Michael Lewis Vail (born November 10, 1951, in San Francisco, California) is a former Major League Baseball outfielder. He played from 1975-1984.
Vail was original drafted by the Los Angeles Dodgers in the 1970 amateur draft, but did not sign. A year later, he signed with the St. Louis Cardinals. On December 11, 1974, he was traded with Jack Heidemann to the New York Mets for Ted Martinez.
His first season in the Mets' organization, Vail won the 1975 International League Player of the Year award. He was called up to the majors by the New York Mets in August 1975 and got a hit in his first at bat against the Houston Astros. From there, he proceeded to set a modern Major League rookie record 23 game hit streak, which at the time was also the longest hitting streak in Mets' franchise history (both records have since been broken).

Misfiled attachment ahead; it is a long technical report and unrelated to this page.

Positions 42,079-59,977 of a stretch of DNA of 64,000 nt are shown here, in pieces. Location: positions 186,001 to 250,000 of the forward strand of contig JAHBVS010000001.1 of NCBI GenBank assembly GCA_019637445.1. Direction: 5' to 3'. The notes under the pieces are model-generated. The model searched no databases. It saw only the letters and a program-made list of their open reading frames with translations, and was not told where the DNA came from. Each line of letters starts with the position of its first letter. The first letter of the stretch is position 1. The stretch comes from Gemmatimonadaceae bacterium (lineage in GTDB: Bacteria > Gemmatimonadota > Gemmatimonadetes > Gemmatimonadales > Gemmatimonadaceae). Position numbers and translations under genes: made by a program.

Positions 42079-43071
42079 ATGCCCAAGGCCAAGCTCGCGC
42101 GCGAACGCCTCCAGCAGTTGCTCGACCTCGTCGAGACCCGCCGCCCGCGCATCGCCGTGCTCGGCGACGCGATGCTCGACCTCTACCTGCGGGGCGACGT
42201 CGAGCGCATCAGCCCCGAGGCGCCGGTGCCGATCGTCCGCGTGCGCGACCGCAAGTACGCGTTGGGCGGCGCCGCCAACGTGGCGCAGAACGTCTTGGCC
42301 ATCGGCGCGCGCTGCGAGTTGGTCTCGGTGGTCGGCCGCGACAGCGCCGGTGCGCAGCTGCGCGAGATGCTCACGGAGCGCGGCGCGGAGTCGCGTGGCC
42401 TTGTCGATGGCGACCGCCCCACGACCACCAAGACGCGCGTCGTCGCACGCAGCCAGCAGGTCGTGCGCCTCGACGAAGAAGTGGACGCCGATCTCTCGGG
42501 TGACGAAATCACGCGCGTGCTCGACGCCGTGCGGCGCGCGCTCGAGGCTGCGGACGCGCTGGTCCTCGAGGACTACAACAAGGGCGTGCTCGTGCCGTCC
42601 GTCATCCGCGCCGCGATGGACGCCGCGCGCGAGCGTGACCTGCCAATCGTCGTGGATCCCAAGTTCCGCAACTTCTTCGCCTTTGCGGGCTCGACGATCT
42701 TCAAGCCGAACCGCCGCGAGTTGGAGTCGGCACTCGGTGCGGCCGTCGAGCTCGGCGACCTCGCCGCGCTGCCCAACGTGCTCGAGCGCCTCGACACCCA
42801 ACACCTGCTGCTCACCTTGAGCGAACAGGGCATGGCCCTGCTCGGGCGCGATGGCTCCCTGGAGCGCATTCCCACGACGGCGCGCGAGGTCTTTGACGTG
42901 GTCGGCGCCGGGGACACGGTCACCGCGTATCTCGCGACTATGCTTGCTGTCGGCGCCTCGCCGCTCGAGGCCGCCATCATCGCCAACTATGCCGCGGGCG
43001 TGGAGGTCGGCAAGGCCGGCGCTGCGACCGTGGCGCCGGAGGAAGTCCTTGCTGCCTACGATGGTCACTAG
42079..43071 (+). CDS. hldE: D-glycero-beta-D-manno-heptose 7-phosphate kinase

In the off-season, Vail was anointed the Mets' "player of the future," which prompted the Mets to trade star right fielder Rusty Staub to the Detroit Tigers to make room for Vail in their outfield.
Unfortunately, Vail dislocated his foot playing basketball in the off-season, and hit only .217 for the 1976 season. Though his average rose to .262 the following season, he was selected off waivers by the Cleveland Indians during 1978 Spring training. Staub, meanwhile, had three seasons hitting over 100 RBIs for Detroit.
Though he never lived up to his expectations, Vail still managed a respectable ten-year career that saw him hit .279 in 665 games, with batting averages of .335 and .333 during two of his seasons with the Cubs, and .298 during a third year with that team.
By Dean Hanley
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